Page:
fields can pose a hazard to the health of people.
The increased use of radio frequency energy for communications,
industrial and medical purposes in addition to a general
increase in public awareness of the issues has resulted
in the introduction of new standards and a proposal
for EU Directives and recommendations.
European Commission has published a Recommendation
(1999/519/EC) urging Member States to put in place
national provisions setting down maximum limits of
non-ionising electromagnetic fields. This Recommendation
has closely adopted the ICNIRP (International
Commission on Non-Ionising Radiation Protection)
1998 guidelines. It applies to public exposure only.
CEI is active on CENELEC (European electrotechnical
standardisation body) committees that are developing
standards for publication under the Low Voltage Directive
and the RTTE Directive and leads the Irish delegation
Guidelines similar to those adopted
by the ICNIRP have also been adopted for a proposed
EU Directive (93/C77/102), which is intended to ensure
the protection of workers from non-ionising electromagnetic
fields. The aim of the Directive will be to protect
workers only and will not specify levels for public
areas. The proposed Directive quotes basic restrictions
similar to those contained in the ICNIRP guidelines.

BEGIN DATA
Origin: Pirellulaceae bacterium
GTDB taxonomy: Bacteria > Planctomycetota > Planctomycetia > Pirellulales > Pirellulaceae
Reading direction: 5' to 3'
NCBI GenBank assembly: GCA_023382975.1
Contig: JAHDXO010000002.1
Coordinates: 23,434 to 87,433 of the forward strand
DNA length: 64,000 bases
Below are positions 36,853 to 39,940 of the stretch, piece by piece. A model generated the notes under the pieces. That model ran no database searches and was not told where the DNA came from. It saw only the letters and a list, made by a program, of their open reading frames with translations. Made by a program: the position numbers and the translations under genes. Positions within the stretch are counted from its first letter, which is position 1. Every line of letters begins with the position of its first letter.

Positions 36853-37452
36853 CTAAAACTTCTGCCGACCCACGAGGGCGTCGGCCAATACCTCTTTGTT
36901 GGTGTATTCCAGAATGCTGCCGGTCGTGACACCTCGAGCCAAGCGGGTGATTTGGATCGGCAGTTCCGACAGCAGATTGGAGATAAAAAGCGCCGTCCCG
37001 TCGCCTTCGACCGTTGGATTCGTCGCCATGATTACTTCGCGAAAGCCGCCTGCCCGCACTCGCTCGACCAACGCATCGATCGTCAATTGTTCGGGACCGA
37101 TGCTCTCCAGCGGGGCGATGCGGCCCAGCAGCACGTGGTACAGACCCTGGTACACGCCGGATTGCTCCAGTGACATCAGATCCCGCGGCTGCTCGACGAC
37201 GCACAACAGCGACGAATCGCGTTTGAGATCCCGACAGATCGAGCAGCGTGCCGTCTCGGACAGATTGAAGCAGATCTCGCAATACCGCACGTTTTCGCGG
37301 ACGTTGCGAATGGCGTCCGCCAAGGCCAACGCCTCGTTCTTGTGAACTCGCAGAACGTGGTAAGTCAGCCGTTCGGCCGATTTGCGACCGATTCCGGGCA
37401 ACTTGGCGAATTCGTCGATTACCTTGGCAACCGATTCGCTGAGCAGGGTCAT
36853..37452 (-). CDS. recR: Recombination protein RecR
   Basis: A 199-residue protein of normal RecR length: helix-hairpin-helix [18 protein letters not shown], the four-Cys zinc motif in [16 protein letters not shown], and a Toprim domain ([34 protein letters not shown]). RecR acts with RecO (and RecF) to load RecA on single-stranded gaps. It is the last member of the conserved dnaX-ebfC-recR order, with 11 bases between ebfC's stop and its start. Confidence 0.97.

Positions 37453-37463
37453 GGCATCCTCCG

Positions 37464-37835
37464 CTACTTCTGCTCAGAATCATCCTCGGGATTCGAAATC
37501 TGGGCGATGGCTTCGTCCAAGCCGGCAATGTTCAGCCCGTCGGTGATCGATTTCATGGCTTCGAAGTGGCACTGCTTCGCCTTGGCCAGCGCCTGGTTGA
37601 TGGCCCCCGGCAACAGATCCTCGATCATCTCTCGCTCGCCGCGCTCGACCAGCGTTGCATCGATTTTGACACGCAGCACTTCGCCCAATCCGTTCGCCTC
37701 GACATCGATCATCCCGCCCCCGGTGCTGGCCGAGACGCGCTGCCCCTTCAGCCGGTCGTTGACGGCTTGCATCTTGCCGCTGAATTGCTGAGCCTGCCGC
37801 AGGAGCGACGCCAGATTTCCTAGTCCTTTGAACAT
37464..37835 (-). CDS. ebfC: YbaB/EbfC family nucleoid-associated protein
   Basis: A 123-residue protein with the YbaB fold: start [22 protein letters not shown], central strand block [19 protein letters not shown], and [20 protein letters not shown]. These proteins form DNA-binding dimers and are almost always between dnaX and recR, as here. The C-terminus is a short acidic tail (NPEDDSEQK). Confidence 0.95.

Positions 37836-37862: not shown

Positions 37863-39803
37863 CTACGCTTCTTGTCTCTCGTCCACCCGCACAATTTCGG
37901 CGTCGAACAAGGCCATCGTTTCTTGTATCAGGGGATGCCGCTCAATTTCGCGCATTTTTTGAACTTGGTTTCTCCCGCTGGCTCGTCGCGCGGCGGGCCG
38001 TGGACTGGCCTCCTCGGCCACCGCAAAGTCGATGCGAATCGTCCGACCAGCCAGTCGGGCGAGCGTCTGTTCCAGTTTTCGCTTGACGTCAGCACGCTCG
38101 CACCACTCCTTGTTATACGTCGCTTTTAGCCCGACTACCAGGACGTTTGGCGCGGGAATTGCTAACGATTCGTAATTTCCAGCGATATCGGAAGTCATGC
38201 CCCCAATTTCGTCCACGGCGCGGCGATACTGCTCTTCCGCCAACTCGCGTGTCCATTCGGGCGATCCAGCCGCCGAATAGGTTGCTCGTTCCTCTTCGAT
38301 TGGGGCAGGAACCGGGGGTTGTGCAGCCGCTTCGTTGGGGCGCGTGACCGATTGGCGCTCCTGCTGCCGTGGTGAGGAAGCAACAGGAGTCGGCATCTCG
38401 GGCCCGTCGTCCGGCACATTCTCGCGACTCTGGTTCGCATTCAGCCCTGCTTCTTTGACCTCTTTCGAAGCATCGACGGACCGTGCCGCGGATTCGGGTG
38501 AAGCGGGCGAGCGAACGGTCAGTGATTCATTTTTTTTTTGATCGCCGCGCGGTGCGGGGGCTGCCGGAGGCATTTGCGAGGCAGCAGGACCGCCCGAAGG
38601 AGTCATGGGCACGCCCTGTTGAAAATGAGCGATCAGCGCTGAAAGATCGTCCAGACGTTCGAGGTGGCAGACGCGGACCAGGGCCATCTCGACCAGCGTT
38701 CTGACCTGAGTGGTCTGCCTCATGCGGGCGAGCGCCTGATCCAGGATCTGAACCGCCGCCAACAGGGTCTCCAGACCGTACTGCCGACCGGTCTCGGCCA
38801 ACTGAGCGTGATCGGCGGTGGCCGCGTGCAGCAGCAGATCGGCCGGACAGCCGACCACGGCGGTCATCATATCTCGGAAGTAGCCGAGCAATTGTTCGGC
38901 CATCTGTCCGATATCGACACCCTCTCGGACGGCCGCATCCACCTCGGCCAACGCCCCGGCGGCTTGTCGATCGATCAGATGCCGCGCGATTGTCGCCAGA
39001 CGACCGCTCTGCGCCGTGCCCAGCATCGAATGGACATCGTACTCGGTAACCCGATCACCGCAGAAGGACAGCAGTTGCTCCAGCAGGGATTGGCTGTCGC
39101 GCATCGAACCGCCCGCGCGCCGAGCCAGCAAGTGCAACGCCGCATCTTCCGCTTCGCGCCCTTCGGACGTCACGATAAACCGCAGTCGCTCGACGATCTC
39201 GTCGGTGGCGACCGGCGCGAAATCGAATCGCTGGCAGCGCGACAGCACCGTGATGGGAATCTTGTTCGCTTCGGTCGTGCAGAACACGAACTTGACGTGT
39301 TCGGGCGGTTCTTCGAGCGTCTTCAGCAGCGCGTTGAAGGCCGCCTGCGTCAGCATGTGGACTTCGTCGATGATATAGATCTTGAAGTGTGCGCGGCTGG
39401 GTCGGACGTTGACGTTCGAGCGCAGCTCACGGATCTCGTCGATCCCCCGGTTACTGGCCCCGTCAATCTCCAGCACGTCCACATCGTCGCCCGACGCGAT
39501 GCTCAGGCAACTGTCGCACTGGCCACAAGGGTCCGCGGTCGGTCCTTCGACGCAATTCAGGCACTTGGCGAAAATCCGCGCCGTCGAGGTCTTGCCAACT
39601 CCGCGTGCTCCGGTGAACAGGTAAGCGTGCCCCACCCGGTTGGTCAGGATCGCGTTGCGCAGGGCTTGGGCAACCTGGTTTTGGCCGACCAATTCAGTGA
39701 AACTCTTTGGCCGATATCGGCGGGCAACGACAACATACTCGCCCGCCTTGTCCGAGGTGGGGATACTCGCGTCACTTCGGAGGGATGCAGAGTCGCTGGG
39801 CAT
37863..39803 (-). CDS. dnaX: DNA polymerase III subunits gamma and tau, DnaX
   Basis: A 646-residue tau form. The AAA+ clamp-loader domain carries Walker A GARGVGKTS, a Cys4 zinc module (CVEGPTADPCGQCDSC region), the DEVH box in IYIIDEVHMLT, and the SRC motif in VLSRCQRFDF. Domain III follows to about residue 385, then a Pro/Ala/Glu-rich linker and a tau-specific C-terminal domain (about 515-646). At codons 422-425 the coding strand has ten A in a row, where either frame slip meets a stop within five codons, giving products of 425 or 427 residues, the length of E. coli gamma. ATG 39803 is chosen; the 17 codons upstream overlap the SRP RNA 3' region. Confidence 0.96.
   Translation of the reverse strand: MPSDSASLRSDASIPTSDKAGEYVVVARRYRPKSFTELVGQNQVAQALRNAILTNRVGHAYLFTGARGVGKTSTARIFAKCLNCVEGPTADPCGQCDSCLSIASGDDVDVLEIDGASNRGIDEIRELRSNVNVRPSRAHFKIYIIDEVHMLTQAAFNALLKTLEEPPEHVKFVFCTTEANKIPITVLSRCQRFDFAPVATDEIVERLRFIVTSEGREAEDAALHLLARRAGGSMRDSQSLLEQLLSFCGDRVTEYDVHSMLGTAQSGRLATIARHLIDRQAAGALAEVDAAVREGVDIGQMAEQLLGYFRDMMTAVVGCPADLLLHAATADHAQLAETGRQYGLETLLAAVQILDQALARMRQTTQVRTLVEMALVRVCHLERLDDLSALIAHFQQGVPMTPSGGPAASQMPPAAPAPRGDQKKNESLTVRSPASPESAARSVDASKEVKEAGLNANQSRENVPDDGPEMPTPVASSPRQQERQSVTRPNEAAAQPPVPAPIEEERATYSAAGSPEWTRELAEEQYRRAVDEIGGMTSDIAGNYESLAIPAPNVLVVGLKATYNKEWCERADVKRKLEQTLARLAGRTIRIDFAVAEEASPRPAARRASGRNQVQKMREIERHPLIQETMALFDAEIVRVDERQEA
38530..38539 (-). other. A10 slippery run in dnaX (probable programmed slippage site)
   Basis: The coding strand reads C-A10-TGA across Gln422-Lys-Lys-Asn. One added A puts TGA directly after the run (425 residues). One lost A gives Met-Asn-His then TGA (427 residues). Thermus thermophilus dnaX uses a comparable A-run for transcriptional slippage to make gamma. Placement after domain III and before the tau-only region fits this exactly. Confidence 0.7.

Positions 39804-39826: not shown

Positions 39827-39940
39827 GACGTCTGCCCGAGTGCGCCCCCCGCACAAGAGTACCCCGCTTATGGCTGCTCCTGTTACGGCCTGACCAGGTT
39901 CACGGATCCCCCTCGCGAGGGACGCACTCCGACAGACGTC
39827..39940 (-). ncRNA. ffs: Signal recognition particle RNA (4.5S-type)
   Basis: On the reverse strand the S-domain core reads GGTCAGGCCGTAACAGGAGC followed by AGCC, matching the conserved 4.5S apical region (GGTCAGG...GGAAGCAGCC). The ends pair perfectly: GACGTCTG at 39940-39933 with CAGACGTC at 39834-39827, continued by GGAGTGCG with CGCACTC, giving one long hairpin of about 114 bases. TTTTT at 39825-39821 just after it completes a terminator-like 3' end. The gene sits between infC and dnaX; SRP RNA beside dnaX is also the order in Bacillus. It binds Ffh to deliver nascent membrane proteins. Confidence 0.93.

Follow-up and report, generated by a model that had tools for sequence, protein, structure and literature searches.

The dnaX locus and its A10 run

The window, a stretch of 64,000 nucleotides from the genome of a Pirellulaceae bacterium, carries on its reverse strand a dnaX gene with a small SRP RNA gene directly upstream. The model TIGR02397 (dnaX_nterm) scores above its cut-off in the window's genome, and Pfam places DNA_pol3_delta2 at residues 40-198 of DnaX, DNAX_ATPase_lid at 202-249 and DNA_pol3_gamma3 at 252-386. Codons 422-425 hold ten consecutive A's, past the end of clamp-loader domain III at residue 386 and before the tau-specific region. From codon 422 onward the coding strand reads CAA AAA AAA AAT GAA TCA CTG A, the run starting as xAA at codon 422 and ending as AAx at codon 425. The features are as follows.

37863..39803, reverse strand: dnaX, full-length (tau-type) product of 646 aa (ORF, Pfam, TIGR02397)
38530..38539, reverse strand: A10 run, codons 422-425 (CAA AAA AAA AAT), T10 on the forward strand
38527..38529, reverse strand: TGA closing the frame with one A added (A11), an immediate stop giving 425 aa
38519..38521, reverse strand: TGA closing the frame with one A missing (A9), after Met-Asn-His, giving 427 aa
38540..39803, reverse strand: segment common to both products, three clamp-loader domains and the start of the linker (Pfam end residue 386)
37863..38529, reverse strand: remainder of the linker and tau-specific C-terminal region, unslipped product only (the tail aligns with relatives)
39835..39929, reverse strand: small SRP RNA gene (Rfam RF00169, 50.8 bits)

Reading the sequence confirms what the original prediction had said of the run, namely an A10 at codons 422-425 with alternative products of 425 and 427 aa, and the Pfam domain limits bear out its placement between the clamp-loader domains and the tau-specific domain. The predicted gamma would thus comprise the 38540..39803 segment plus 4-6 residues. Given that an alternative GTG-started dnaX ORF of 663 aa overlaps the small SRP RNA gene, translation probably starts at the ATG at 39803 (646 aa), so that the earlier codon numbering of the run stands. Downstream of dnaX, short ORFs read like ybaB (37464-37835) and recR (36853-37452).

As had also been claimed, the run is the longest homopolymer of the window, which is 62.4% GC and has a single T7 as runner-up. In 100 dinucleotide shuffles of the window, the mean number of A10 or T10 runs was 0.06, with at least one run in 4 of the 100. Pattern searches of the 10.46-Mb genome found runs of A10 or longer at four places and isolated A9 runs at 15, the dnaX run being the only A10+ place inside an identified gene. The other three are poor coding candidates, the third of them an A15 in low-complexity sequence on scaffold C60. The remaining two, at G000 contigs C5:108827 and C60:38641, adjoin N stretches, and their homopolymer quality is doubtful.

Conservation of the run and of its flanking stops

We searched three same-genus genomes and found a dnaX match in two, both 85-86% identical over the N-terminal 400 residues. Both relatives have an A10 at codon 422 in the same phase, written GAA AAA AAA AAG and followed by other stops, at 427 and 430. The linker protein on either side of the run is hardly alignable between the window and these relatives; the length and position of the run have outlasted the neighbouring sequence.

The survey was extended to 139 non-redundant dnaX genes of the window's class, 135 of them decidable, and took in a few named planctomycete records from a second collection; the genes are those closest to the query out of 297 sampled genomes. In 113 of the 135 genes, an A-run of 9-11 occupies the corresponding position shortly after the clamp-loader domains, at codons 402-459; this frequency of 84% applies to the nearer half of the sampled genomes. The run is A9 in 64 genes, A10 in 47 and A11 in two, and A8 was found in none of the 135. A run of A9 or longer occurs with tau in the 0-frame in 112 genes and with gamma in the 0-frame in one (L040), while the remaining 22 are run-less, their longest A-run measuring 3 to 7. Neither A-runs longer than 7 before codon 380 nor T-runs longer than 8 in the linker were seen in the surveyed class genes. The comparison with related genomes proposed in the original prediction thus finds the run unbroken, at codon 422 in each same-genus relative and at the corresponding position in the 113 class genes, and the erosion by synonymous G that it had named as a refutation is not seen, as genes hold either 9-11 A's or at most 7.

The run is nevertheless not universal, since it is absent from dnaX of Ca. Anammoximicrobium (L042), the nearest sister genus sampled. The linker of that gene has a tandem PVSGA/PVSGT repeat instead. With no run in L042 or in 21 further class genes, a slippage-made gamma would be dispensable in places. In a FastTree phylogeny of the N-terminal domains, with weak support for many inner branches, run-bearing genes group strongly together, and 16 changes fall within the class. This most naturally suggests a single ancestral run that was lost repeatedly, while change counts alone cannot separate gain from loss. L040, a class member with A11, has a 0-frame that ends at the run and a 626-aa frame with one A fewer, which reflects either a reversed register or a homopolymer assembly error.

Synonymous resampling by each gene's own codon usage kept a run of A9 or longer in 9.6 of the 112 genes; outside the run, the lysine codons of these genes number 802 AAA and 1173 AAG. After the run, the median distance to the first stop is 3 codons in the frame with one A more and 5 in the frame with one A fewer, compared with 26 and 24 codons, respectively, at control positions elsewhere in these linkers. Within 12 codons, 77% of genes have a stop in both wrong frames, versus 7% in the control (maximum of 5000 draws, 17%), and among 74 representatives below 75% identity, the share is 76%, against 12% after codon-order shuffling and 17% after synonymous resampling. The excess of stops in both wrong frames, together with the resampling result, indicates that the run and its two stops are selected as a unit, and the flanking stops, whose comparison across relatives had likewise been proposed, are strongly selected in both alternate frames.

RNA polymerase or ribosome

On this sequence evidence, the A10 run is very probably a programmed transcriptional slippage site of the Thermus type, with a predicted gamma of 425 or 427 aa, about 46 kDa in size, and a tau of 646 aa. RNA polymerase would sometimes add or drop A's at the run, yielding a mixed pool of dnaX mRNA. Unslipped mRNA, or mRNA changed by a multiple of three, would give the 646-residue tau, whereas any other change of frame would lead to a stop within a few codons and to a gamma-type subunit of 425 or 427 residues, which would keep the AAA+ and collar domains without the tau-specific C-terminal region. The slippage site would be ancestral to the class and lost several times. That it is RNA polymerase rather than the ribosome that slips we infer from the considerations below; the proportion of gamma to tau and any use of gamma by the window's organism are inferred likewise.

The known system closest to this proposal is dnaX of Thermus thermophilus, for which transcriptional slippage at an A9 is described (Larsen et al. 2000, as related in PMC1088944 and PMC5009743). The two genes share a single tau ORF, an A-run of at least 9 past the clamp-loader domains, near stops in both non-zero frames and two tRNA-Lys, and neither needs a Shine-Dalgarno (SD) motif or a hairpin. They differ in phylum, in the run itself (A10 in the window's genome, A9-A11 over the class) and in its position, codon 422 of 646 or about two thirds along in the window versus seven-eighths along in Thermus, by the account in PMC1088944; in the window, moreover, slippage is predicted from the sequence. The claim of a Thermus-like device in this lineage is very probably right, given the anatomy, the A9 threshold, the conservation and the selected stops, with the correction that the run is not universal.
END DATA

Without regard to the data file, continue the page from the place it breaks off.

CEI has extensive experience
in this area and has assessed many equipment types
with complex emissions profiles to ensure compliance
with the standards. The threat level is dependent
on many aspects of the exposure requiring a wide range
of equipment and experience to properly assess the
risk. CEI possesses a wide range of radiation hazard
monitors, low and high frequency spectrum analysers
and transducers that enables characterisation of pulsed,
continuous and multi frequency exposure scenarios.
and Human Health in Ireland by John McAuley]
We provide site surveys of EM fields,
interpret relevant standards, assist with the reduction
of excessive levels and carry out detailed assessments
when the levels have been exceeded.
Licensed radio operators are often
required by local authorities to provide an independent
safety assessment of proposed transmitters to ensure
public safety. CEI, as an independent laboratory with
the necessary competence, are recognised as the leading
provider of these assessments in Ireland. A full report
is provided with plots of human exposure level at
incremental distances from the mast along with a clear
statement of compliance with the appropriate guidelines.